Topographic Maps of Eastern Europe: An Atlas of the Shtetl: http://easteurotopo.org/
This website contains (1) maps from the late 18th Century though the 20th Century; (2) articles about shtetls, migration, and regional history; and (3) links to many research resources. It was created and is maintained by Hap Ponedel.
Maps of Areas in the Commonwealth of Poland-Lithuania, www.Lithuanianmaps.com
This website contains historical regional, national, and town maps of areas that were in the Commonwealth of Poland-Lithuania. It was created and is maintained by Andrius Kapočiūnas (Andrew Kapochunas). Some of the maps are superb for identifying hamlets and villages that may no longer appear on modern Lithuanian maps, such as this 1911 German map of the “Wilkomierz” (Ukmergė) area, including Novo-Alexandrovsk (Zarasai), Rokiškis, Kupiškis, Panevėžys, Ragova, Pumpėniai, Kavarskas, Molėtai, and Lyntupy, http://www.lithuanianmaps.com/images/1911_-_1893_Uebersichtskarte_von_Mitteleuropa_Wilkomierz.jpg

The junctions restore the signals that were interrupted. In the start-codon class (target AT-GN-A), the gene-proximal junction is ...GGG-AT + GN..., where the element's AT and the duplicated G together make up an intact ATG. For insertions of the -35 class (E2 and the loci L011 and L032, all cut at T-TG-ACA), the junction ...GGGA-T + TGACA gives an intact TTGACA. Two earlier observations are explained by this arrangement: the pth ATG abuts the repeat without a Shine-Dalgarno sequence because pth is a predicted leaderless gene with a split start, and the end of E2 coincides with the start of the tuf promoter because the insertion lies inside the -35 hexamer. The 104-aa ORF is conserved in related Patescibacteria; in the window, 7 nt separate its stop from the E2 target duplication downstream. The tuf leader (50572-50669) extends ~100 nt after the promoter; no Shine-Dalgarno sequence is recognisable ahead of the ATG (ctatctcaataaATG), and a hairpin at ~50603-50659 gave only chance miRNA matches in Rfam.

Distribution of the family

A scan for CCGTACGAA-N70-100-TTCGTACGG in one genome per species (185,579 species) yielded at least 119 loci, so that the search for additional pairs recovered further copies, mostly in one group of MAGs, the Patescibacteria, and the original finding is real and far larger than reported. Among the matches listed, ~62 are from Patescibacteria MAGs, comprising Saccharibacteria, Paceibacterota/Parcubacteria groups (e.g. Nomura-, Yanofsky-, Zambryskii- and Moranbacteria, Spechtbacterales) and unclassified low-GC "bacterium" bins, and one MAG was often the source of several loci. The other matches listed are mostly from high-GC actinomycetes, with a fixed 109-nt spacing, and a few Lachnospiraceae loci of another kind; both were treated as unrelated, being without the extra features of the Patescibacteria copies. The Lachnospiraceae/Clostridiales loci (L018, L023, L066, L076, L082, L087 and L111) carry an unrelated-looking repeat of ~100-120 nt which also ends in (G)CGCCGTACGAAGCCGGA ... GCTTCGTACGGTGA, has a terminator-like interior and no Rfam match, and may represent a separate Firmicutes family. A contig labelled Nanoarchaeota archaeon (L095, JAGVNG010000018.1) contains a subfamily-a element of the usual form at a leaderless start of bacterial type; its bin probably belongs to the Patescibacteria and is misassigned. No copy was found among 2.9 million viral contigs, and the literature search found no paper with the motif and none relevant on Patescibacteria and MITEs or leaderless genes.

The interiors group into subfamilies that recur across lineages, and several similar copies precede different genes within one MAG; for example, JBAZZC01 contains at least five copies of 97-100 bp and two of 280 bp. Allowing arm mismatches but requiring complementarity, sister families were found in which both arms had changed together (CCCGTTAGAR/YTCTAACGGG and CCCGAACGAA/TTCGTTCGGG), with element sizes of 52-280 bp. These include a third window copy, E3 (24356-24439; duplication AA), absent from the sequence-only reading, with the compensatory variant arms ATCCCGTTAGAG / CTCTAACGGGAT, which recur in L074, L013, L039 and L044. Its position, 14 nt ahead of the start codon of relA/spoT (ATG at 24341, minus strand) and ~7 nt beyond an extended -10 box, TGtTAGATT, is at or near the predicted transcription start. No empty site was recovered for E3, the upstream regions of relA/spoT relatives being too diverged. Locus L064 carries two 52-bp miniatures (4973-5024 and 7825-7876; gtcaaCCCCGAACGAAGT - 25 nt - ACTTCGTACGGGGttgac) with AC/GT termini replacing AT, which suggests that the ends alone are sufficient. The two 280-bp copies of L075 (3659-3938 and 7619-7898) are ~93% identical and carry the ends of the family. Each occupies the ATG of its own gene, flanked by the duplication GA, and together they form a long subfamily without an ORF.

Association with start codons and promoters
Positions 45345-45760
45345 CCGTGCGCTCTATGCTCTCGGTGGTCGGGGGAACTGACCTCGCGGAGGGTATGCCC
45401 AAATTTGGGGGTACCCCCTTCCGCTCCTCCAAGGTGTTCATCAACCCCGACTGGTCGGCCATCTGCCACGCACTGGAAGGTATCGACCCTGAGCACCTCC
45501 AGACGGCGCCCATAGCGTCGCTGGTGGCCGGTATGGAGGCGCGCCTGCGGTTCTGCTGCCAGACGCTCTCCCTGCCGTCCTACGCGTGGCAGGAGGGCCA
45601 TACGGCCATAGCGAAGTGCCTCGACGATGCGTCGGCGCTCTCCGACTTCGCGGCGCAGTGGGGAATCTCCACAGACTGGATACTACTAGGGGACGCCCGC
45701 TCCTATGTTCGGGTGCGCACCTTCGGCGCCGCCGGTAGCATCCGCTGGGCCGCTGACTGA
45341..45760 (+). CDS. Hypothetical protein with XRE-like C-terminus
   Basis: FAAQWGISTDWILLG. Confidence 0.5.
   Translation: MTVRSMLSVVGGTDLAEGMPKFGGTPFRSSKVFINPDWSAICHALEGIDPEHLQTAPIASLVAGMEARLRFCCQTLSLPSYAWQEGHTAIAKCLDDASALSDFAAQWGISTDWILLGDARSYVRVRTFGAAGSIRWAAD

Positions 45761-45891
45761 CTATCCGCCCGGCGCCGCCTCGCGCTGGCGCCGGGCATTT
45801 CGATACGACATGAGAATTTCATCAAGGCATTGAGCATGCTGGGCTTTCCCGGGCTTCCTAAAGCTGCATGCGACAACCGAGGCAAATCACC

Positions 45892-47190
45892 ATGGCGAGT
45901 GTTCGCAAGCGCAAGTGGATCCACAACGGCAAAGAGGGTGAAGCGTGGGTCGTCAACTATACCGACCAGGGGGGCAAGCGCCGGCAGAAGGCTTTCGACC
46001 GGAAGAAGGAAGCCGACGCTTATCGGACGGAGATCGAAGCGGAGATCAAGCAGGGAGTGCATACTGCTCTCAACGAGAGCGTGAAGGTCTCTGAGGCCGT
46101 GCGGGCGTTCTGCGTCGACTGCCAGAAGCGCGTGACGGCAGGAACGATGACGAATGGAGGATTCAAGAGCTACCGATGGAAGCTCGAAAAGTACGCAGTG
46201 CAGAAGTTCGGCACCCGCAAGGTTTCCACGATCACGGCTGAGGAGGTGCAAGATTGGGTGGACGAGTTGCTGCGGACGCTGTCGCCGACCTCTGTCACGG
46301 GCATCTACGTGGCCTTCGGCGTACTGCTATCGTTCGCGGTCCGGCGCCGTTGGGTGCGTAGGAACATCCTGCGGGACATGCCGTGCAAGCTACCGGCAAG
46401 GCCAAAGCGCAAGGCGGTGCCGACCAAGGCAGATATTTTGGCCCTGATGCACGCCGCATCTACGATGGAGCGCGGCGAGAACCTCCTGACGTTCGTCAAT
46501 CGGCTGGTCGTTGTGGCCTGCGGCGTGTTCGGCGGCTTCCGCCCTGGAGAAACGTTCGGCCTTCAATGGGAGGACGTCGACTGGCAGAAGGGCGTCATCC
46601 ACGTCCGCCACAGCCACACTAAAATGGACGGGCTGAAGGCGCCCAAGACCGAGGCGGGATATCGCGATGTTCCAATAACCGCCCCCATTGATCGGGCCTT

See also, Maps4U Old Maps, www.Maps4U.LT, which has an extensive collection of maps as well as World War II German aerial photographs of places in Lithuania.
U.S. Army Topographical Maps, Series 501, U.S. Army Map Service, posted by the University of Texas Libraries:
NN34-3 (based upon 1939 and Soviet borders) – Šiauliai-Jurbarkas-Kelme-Raseiniai
NN34-6 (based upon 1939 borders) – Kaunas-Suvalki-Druskininkai
NN35-1 (based upon 1939 borders) – Jonava-Panevėžys-Rokiškis-Ukmergė-Utena-Linkmenys
NN35-2 (based upon 1939 and Soviet borders) – Dvinsk (Daugavpils)- Zarasai-Švenčionys
NN35-4 (based upon 1939 and Soviet borders) – Alytus-Vilnius-Eišiškis-Ašmiany